The aim is to post an advanced strategy, and how to combat it the next day, every 10 days or so.
I will cover the strategies we all have heard of such as the Glyph Wall and the Auction House Camper but I will start with some lesser known strategies that are perhaps less fully covered. And the first post is tomorrow.
However, it is worth taking a top down view to start and laying some basic ground work that is the foundation of the analysis of a competitor's strategy and how to combat it.
The starting point
When a competitor puts a new (often aggressive) strategy into play at all times the starting point is to stand back and consider what the aim of this competitor is.
Assuming the view is that the competitor is trying to strengthen their position in the market then the end aim is almost always for that competitor to increase their profits on an ongoing basis. They key question you must answer is whether the competitor is trying to strengthen their position whilst maintaining the current market environment or whether the competitor is trying to permanently alter the current structure of the market for their benefit - i.e. by reset prices lower permenantly.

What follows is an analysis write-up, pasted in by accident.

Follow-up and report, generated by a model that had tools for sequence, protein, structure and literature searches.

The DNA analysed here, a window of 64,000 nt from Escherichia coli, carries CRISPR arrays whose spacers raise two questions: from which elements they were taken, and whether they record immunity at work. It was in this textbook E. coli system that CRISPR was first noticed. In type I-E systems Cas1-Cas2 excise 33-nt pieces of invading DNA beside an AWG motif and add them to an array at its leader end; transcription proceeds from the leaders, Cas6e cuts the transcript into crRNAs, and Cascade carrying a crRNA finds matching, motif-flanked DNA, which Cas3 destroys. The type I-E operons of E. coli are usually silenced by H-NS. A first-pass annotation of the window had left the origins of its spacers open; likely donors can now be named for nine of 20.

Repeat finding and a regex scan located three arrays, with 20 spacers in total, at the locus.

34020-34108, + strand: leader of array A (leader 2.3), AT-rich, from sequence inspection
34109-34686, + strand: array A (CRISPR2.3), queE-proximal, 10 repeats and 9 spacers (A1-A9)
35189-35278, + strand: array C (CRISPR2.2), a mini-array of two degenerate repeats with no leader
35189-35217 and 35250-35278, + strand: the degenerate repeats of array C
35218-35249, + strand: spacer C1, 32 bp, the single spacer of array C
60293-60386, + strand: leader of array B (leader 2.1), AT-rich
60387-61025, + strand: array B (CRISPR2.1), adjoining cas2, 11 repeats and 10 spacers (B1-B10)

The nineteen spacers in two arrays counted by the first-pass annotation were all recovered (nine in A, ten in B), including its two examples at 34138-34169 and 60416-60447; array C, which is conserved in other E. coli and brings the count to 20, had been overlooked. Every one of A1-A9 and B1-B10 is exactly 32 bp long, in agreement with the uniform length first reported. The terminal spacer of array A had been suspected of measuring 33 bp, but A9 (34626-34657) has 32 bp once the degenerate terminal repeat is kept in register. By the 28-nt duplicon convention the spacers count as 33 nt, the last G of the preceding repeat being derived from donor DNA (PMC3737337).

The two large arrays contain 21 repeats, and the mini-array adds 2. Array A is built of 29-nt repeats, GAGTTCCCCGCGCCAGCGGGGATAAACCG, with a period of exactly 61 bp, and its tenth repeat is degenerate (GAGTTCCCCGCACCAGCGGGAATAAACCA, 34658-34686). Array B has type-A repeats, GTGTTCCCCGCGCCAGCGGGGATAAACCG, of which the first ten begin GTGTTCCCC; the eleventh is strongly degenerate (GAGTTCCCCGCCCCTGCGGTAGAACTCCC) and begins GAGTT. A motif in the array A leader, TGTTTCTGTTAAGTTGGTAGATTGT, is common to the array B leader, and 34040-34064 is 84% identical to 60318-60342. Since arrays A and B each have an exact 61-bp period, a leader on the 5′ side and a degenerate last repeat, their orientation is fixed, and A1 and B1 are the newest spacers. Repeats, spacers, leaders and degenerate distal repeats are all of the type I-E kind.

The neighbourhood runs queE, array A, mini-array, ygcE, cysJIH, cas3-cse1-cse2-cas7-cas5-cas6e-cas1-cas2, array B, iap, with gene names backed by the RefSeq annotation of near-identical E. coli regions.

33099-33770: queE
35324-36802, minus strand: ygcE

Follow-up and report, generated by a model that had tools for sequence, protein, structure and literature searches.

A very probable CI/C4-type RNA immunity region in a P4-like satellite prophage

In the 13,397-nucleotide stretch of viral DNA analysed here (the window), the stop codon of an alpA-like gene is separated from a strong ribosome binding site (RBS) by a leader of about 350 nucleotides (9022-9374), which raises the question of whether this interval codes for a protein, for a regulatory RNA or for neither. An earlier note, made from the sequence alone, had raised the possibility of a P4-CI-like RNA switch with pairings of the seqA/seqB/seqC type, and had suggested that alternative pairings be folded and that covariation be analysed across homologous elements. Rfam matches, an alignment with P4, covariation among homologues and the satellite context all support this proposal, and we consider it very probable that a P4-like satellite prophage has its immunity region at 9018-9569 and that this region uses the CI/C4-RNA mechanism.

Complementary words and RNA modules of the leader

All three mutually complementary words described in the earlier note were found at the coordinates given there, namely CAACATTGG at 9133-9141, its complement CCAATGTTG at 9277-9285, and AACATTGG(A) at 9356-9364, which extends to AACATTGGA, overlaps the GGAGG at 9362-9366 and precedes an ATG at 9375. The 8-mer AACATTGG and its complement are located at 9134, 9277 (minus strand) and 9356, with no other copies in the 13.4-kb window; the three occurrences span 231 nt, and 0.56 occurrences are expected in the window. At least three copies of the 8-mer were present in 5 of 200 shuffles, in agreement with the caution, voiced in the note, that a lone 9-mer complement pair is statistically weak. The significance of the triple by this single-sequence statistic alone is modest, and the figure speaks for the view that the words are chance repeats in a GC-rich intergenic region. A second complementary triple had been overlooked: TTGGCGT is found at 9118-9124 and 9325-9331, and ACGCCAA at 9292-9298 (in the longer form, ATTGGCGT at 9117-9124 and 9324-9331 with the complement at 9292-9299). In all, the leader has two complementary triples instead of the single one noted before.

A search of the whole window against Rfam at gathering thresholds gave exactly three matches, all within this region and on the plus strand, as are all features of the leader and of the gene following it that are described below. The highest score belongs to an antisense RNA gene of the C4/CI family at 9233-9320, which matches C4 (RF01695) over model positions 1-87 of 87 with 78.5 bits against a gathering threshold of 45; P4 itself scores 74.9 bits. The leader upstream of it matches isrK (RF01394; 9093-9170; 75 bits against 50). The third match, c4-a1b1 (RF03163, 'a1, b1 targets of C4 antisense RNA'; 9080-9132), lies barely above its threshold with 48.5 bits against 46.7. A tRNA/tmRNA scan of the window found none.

The former aim would suggest that the competitor is trying to displace an existing market participant through their aggressive actions but that the aggressive actions will eventually end once the competitor feels their aim is fulfilled or they give up.
The latter aim would suggest that the aggressive actions may become the norm or at least will not entirely cease once the competitor feels that their aim is achieved – though if the competitor gives up then the former market structure will return.
If the competitor is undertaking an action for a short term gain then it is likely that they are trying their luck with an opportunistic strategy that is designed to hoodwink market participants into making losses for the benefit of the competitor that deployed the strategy– normally over a short term.
In any event, it is very hard to devise a counter strategy without the answer to that question. Furthermore, once the competitor's strategy is identified the counter strategy is often a lot more simpler to enact.
(Alternative views may be that the competitor is leaving the market hence dumping stock or merely going through an intellectual experiment. These are often low probabilities and the best strategy is to let them run their course.)
Furthermore, market participants must be aware that when a competitor deploys a strategy then all participants will receive lower profits from the glyph market during this time. There are no free rides here and very rarely is there a silver bullet.